.- A former Vatican envoy told NewsMax.com he believes the violent reaction to Pope Benedict XVI’s comments about radical Islam served as “an eye-opener” for the West about the need to pay more attention to other countries.
In an exclusive interview with the online media outlet, the former mayor of Boston, Ambassador Ray Flynn, said he believes the reaction to the Pope’s speech at the University of Regensburg in Germany last month was unwarranted.
“I think a lot of people just flew off the handle before they even knew what his message was all about,” he was quoted as saying.
Flynn said the Pope was likely surprised by the reaction. “I don't think he [the pontiff] ever realized the intensity, the hatred, that is in society today and I think it was an eye opener for many,” he added.
However, Flynn said, he does not believe the Pope should have apologized for his comments since he was not expressing his personal point of view but citing a 14th-century Christian emperor.
“It's fair game in society today to attack the Catholic Church and to attack the papacy — it's almost as if no matter what the Pope or the Church says, they are going to be attacked anyway so I'm glad he held his ground and didn't apologize,” he was quoted as saying.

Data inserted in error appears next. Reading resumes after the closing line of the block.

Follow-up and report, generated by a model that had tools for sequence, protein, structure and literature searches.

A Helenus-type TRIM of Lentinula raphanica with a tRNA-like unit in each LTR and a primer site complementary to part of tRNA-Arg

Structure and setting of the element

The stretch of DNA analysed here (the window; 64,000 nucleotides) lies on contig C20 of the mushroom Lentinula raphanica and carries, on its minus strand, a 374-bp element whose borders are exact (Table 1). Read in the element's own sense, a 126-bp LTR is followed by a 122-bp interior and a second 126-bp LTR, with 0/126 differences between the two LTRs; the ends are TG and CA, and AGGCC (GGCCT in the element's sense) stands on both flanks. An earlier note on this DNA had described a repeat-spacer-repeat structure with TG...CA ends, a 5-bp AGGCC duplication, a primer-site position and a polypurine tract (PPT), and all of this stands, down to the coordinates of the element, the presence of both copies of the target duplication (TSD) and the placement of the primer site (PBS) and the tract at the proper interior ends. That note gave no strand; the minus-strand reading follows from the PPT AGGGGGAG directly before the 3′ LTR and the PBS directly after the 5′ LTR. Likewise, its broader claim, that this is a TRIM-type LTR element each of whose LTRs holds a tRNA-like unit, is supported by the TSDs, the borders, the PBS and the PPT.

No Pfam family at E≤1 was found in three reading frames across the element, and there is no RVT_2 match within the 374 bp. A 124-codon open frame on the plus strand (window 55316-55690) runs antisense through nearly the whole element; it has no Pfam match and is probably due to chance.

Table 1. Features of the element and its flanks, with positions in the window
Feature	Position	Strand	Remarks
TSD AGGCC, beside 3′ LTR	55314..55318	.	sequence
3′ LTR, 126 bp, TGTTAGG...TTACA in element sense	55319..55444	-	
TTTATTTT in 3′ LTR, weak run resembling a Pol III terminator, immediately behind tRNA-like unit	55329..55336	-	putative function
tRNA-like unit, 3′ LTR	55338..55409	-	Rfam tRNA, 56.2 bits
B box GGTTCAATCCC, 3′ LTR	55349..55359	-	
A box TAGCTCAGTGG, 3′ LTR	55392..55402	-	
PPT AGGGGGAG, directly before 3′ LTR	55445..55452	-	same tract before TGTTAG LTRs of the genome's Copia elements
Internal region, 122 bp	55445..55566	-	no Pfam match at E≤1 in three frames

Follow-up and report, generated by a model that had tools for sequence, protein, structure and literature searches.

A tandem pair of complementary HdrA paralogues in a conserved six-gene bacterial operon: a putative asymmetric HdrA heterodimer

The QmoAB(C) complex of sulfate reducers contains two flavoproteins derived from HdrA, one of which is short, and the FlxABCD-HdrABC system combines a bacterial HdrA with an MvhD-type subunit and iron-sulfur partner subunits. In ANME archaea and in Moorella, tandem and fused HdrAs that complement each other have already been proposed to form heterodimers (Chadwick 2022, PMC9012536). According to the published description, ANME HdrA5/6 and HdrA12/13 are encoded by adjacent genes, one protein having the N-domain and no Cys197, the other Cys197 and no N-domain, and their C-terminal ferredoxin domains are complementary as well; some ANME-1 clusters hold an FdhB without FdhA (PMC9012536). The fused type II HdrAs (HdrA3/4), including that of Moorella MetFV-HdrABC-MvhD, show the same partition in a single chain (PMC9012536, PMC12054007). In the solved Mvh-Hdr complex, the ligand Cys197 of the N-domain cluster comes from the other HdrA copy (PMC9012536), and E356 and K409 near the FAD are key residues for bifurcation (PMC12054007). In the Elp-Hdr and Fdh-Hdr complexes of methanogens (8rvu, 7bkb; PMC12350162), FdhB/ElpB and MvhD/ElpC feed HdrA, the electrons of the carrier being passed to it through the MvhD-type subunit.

Flynn told NewsMax.com he believes this type of violence has been going on for a long time, but this particular incident serves as “an eye-opener” for the West and the United States, which “pay so little attention, even in our foreign policy, to the rest of the world.”
“As a result, we don't understand the severity and the extent of what's going on in other parts of the world and in other peoples' culture and we don't appreciate the intensity of hatred that is out there,” he was quoted as saying.
Flynn served as U.S envoy to the Vatican from 1993 to 1997. He is also the best-selling author of "John Paul II, a Personal Portrait of the Pope and the Man" and "The Accidental Pope."
Flynn, a longtime friend of Cardinal Joseph Ratzinger, now Pope Benedict XVI, said the current Pope is a peaceful, gentle man, who is committed to inter-religious dialogue.